1. Pace yourself. Break tasks up into smaller pieces. Set an alarm if you tend to get sucked into a task and end up with pain after working in one position for too long.
  2. Take frequent rest breaks. Don’t forget to stretch and drink water.
  3. Respect pain. Your body will likely tell you if you need a break. Or it might tell you the next day when you have accidentally done too much. When you’ve overdone it, using ice, heat, or stretching can help to manage inflammation.
  4. Use good body mechanics. This is a no-brainer, but it’s very hard to do consistently. Watch your body for discomfort or strain in each position, such as reaching for a weed in the far corner of the garden bed. Try to adjust your position by bringing the object closer to your body or kneeling closer to the object.
  5. Use a basket or rolling cart to carry supplies around the yard. Make sure to carry the heavy basket with both hands.
  6. Warm up your muscles before heading into the garden and maintain general muscle strength in preparation for strenuous tasks.

Physical therapy for hand pain and dysfunction

Certified hand therapists work with patients who have had specific upper extremity injuries and surgeries, as well as patients who are living with chronic conditions such as arthritis. There are 34 muscles and 29 bones in each hand and forearm. These structures all work together to pull weeds, plant flowers, and prune trees. It is important that we keep them in good health.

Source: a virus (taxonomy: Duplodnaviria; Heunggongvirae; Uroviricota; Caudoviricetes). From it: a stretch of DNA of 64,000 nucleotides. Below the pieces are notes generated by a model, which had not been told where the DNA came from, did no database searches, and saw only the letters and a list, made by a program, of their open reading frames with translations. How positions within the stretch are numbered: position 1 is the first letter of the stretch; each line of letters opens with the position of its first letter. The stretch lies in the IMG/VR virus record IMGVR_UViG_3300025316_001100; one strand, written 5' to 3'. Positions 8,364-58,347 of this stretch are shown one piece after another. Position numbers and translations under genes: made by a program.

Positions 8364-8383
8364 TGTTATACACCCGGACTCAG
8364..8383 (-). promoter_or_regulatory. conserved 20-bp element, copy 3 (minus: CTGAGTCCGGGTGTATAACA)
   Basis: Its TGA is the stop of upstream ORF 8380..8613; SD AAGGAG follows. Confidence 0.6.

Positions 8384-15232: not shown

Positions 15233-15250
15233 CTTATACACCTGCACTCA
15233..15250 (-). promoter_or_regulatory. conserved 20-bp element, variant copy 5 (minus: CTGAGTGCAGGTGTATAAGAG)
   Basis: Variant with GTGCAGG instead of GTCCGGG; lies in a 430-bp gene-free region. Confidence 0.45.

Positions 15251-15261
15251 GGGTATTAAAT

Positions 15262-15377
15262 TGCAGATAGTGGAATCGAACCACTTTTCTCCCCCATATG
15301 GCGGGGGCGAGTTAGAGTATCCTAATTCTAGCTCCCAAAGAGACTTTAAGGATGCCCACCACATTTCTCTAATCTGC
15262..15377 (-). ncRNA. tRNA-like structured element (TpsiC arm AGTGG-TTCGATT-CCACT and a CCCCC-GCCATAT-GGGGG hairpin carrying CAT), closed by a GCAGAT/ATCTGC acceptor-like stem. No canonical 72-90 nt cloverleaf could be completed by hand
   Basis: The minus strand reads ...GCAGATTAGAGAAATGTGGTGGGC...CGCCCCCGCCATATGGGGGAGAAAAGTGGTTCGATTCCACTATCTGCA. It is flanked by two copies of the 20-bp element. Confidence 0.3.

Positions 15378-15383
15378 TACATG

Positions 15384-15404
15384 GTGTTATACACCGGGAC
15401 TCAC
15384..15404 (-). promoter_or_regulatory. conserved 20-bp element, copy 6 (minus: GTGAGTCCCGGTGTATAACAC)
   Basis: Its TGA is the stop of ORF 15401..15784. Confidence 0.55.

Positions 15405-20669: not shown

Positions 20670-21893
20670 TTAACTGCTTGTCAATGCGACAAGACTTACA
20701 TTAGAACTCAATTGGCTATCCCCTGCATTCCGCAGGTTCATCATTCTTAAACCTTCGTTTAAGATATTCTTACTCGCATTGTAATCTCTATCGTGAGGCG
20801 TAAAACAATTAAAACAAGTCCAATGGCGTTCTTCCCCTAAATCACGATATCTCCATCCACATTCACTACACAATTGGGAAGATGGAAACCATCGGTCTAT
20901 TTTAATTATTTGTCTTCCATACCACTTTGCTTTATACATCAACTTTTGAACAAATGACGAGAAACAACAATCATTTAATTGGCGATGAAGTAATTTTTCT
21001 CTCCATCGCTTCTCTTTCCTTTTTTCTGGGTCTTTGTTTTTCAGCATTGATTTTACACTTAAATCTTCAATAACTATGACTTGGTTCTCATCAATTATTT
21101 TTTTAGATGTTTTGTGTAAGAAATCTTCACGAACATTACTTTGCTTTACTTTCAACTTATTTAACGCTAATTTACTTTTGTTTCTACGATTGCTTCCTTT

For those experiencing pain or dysfunction in their hands or arms while gardening or performing other tasks, certified hand therapy can offer significant benefits. Hand therapists can provide specialized treatments and exercises to improve strength, flexibility, and function, reducing pain and preventing further injury. They also offer education on proper techniques and tools to make daily activities easier and less strenuous. For instance, they might recommend certain ergonomic gardening tools or adaptive strategies to protect the joints and muscles.

Therapeutic Associates PT clinics with specially trained physical therapists and hand therapists have the expertise and tools to support patients in managing pain, improving function, and enhancing their quality of life.

specialized hand therapy services

As a hand therapist and occupational therapist, I often speak with my patients on how to adapt their daily activities to protect their bodies and save energy. Some clinics, including OMG Country Club Road, keep gardening equipment and kitchen tools on hand for patients to try while under the supervision of their therapist.

If you are having lasting pain in a specific joint or muscle, consider following up with a physical therapist for treatment or regarding bracing options. For patients with arthritis or tendinitis, specific braces or splints can be helpful. A wrist, thumb, or finger brace can help to support and protect painful structures when working on repetitive or strenuous tasks.

Certified hand therapy provides specialized care for individuals with hand or arm pain, offering treatments and adaptive strategies to enhance function and reduce discomfort. Clinics equipped with knowledgeable therapists and ergonomic tools are essential in helping patients maintain their quality of life and get back to doing what they love.

Therapeutic Associates specialized hand therapy services

Don't let pain keep you down!

At Therapeutic Associates, our certified hand therapists are dedicated to the art and science of restoring and maintaining hand function. If you’re having pain or dysfunction, we can help!